MuttShack Foundation for Animal Foster and Rescue, claim that dogs bite more than 4.7 million people every year in the United States.
The blame may be the dog’s, the owner’s, or the victim’s. But the one who always pays, is the proprietor. The owner of the dog becomes responsible for paying for the medical bills, time lost from work in addition to pain and suffering. The one who suffers most, is the dog that’s abandoned in a shelter or disposed of.
Dog owners should assume more than their share of the responsibility for protecting people and other animals from their own dogs, and also assume the responsibility to protect their dogs from individuals. Kids will run up to a dog screaming in delight and frighten the dog. A dog in his excitement to greet someone may jump up and scratch him or her. A passer-by may approach a dog harshly or provoke him. Neighborhood kids may allow the dogs out just to have some fun.
There is no way to ensure that your dog will never bite someone.
o Spay or neuter your dog. This important and routine procedure will lower your dog’s desire to roam and fight with other dogs, making safe confinement an easier task. Spayed or neutered dogs are much less likely to bite.
Introduce your dog to many different kinds of people and situations so that he or she is not nervous or frightened under normal social circumstances.
O Train your dog. Accompanying your dog to a training class is a wonderful way to socialize him and to learn proper training techniques. Every member of your household should learn the training techniques and participate in your dog’s education. Never send away your dog to be trained; only you can teach your dog how to behave in your property. Note that training classes are a great investment even for seasoned dog caregivers.
O Be alert with your dog around children. Rambunctious play may startle your dog, and he may respond by biting or snapping. Neighborhood children may be attracted to your dog, so be certain you have a child-proof lock on your gate and there’s absolutely no way for little hands to get through the fence.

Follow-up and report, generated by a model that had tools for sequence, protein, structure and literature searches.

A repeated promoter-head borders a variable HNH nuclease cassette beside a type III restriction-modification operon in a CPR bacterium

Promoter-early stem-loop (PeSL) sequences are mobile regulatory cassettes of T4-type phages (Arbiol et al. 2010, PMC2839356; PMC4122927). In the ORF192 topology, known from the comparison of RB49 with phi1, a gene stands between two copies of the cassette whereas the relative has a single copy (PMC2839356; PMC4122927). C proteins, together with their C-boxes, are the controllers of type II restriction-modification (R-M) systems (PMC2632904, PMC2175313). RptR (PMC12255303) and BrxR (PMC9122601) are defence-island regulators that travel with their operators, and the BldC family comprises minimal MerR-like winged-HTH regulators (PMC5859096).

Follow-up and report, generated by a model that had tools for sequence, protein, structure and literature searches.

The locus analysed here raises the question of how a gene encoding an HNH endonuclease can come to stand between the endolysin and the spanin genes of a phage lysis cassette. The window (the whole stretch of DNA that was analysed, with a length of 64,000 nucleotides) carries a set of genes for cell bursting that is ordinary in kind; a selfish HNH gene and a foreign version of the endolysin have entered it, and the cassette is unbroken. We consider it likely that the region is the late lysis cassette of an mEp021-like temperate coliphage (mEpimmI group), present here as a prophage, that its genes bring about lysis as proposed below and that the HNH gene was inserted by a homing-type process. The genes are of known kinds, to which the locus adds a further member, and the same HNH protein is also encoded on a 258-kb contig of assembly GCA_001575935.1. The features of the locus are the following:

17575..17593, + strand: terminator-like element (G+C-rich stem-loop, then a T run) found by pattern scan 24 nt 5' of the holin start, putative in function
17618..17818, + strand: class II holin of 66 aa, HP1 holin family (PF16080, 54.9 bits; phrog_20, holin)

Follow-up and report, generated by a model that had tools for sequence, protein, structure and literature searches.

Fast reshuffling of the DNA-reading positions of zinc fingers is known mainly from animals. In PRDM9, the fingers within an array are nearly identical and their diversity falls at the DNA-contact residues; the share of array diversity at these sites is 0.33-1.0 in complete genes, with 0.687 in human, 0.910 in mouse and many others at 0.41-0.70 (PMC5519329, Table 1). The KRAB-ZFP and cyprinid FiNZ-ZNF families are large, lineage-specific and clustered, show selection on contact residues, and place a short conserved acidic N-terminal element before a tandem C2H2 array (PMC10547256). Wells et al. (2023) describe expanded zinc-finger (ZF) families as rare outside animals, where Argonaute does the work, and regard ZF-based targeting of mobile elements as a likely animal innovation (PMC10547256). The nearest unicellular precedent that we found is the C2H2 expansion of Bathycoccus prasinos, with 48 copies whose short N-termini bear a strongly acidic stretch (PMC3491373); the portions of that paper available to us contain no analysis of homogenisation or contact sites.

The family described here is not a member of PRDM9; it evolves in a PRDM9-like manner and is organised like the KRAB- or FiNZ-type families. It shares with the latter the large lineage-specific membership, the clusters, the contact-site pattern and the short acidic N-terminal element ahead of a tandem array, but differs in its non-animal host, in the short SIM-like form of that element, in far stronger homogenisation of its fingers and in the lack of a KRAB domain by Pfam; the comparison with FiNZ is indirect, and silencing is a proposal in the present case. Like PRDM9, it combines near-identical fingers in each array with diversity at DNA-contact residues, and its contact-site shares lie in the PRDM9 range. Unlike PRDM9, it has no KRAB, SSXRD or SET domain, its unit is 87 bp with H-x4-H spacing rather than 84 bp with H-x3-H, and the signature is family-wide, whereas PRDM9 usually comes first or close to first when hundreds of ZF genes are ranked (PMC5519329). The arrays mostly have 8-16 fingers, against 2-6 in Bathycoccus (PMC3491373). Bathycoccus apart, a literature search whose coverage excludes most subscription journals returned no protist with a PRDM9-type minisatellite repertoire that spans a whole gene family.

o Teach your dog appropriate behavior. Never teach your dog to chase after or attack others, even in fun. Your dog can’t always understand the difference between real-life and play situations. Set appropriate limits for your dog’s behaviour.
Don’t await an accident.
The first time he exhibits dangerous behavior toward any individual, seek professional help from your veterinarian, an animal behaviorist, or a qualified dog trainer. Dangerous behavior toward other animals may eventually lead to dangerous behavior toward people, and it’s also a reason to seek expert help.
O Be a responsible dog owner. License your dog as required by law, and provide regular veterinary care, including rabies vaccinations. For everyone’s safety, do not allow your dog to roam alone. Make your dog a member of your family. Dogs who spend a whole lot of time alone in the backyard or tied to a chain often become dangerous. Dogs who are well socialized and supervised are much less likely to bite.
If you do not know how your dog will react to a new situation, be cautious. If your dog overreacts to visitors or delivery or service personnel, keep him in another room. Work with professionals to help your dog become accustomed to these and other situations. Until you are confident of his behavior, however, avoid stressful settings.
I thought you said your dog doesn’t bite? “That’s not my dog”… says Peter Sellers.
Seriously, if your dog bites someone, act responsibly; consider these steps to mitigate the harm:
o Confine your dog immediately and check on the victim’s condition. If necessary, seek medical assistance.
O Provide the victim with important information, such as the date of your dog’s last rabies vaccination.
If your dog must be quarantined for any length of time, ask whether he may be confined within your home or at your veterinarian’s hospital. Strictly follow quarantine requirements for your dog.
O Seek professional help to prevent your dog from biting again. Consult with your veterinarian, who may refer you to an animal behaviorist or a dog trainer. Your community animal care and control agency or humane society may also offer helpful services.
If you have to let your dog go, don’t drop him off in a shelter, where he will only be given a few days to live. Take the opportunity to find him a new family. To do this there is a support and training network called MuttShack, at http://www.Muttshack.org, who will teach you how to re-home your pet.
O If your dog’s dangerous behavior cannot be controlled, and you need to make the painful decision to give him up, don’t give him to someone else without carefully evaluating that person’s ability to protect your dog and prevent him from biting. Because you know your dog is dangerous, you may be held responsible for any damage he does even when he is given to someone else.
o Never give your dog to someone who wants a dangerous dog. “Mean” dogs are often forced to live miserable, isolated lives, and become even more likely to attack someone in the future. If you must give up your dog due to dangerous behavior, consult with your veterinarian and with your local animal care and control agency or humane society about your options. Be safe, be responsible and most of all, teach your dog to be a good canine citizen.
O Your dog lives to make you happy. If he understands what you need from him, he’ll make you proud.